Chinese New Year Celebrations Bring in Year of Tiger


Photo by Pixabay

2022 is the year of the Tiger, which represents the power and pride of Chinese culture.

This year, February 1st kicks off celebrations for the Chinese or Lunar New Year (also known as the Spring Festival). The animal representing 2022 will be the tiger. Each year, a different Chinese zodiac animal will represent the current year. There are 12 animals, including the tiger, monkey, ox, rabbit, and dog, to name a few.

According to the website, Tigers represent the power and pride of Chinese culture. Those who were born during the year of the tiger are optimistic and enthusiastic, are lively and cheerful, and very loyal. They can sometimes also be rebellious, overconfident, and extremely stubborn.

Chinese New Year is 16 days long, making it the longest Chinese holiday. During this time, special food such as dumplings, spring rolls, noodles, and nian gao (rice cake) will be eaten. Red paper cuttings and lanterns will be put up as decorations. In some countries, such as China, children will also receive red envelopes with a small amount of money in them.

“One food we usually like to make is dumplings, but the dumplings are special because some of them have dates hidden inside, and if you eat the date, you’ll have good luck during the new year,” said 7th grade Audrey L.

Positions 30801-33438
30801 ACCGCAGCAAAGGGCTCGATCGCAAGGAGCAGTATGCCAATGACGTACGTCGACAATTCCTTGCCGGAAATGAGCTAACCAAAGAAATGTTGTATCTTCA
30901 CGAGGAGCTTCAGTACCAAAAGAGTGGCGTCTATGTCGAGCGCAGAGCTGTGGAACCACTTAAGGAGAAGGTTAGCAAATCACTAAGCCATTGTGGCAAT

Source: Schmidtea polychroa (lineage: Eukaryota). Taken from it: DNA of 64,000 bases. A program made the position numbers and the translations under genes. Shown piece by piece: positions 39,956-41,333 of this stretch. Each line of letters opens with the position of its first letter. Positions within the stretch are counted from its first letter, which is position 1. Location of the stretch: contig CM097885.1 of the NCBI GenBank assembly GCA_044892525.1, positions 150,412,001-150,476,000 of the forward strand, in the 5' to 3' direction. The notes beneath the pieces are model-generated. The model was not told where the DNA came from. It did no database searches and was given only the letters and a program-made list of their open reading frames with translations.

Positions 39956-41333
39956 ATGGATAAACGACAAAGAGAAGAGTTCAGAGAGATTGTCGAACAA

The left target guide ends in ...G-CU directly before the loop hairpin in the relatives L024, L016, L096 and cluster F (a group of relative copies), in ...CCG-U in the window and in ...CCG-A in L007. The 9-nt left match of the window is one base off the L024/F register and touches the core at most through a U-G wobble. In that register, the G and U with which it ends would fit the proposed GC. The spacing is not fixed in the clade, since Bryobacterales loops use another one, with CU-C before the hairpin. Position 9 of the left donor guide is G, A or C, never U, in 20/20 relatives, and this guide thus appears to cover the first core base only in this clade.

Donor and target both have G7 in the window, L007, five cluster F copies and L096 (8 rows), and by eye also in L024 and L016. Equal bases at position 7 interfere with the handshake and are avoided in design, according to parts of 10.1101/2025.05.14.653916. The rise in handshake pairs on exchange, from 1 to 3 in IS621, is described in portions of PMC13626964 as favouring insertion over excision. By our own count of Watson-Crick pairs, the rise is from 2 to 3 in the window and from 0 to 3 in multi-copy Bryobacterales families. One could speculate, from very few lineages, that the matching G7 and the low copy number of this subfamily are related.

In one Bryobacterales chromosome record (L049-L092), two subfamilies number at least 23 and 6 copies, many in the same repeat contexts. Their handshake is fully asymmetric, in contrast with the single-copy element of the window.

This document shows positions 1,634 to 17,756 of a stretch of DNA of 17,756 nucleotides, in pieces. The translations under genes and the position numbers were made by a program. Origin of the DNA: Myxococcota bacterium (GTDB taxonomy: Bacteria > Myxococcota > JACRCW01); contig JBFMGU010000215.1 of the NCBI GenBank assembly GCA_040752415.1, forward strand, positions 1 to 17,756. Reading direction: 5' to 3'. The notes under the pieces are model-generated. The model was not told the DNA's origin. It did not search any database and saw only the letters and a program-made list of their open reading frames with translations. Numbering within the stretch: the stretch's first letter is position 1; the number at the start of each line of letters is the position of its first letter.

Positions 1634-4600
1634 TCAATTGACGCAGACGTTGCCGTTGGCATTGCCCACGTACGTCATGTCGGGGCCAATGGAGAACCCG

According to the article “The Origin and History of Chinese New Year,” on the travel website China Highlights,  the celebration of the Chinese New Year began more than 3,000 years ago. People held ceremonies to honor gods and ancestors. Later, the date of the Chinese New Year would be fixed on the first day of the first month on the lunar calendar. It is believed that Chinese New Year originated during the Shang Dynasty, but the new year date was established during the Han Dynasty.

The Chinese New Year is a time for families to get together. It’s celebrated throughout China and other Eastern Asian countries, including Korea, Singapore, and Malaysia. Children will receive hongbao (red envelopes or red packets) with money inside and are supposed to transfer fortune from adults to children.

“We make sure to facetime our relatives to wish them a happy new year and catch up since we don’t talk that often,” said Audrey. Audrey’s relatives live in China, and talking with them is one of her favorite things to do on Chinese New Year.

According to China Highlights, one of the popular myths about Chinese New Year is about a monster named Nian. It was said that Nian ate the peoples’ livestock and crops. But, people soon figured out that Nian was afraid of really loud sounds and the color red. Hence, on the Lunar New Year, many people put up red lanterns and scrolls and put on fireworks or burn bamboo to create a loud noise to scare off Nian.

The history and culture of Chinese New Year is fascinating, and learning about how students at Longfellow observe the holiday is a celebration of diversity.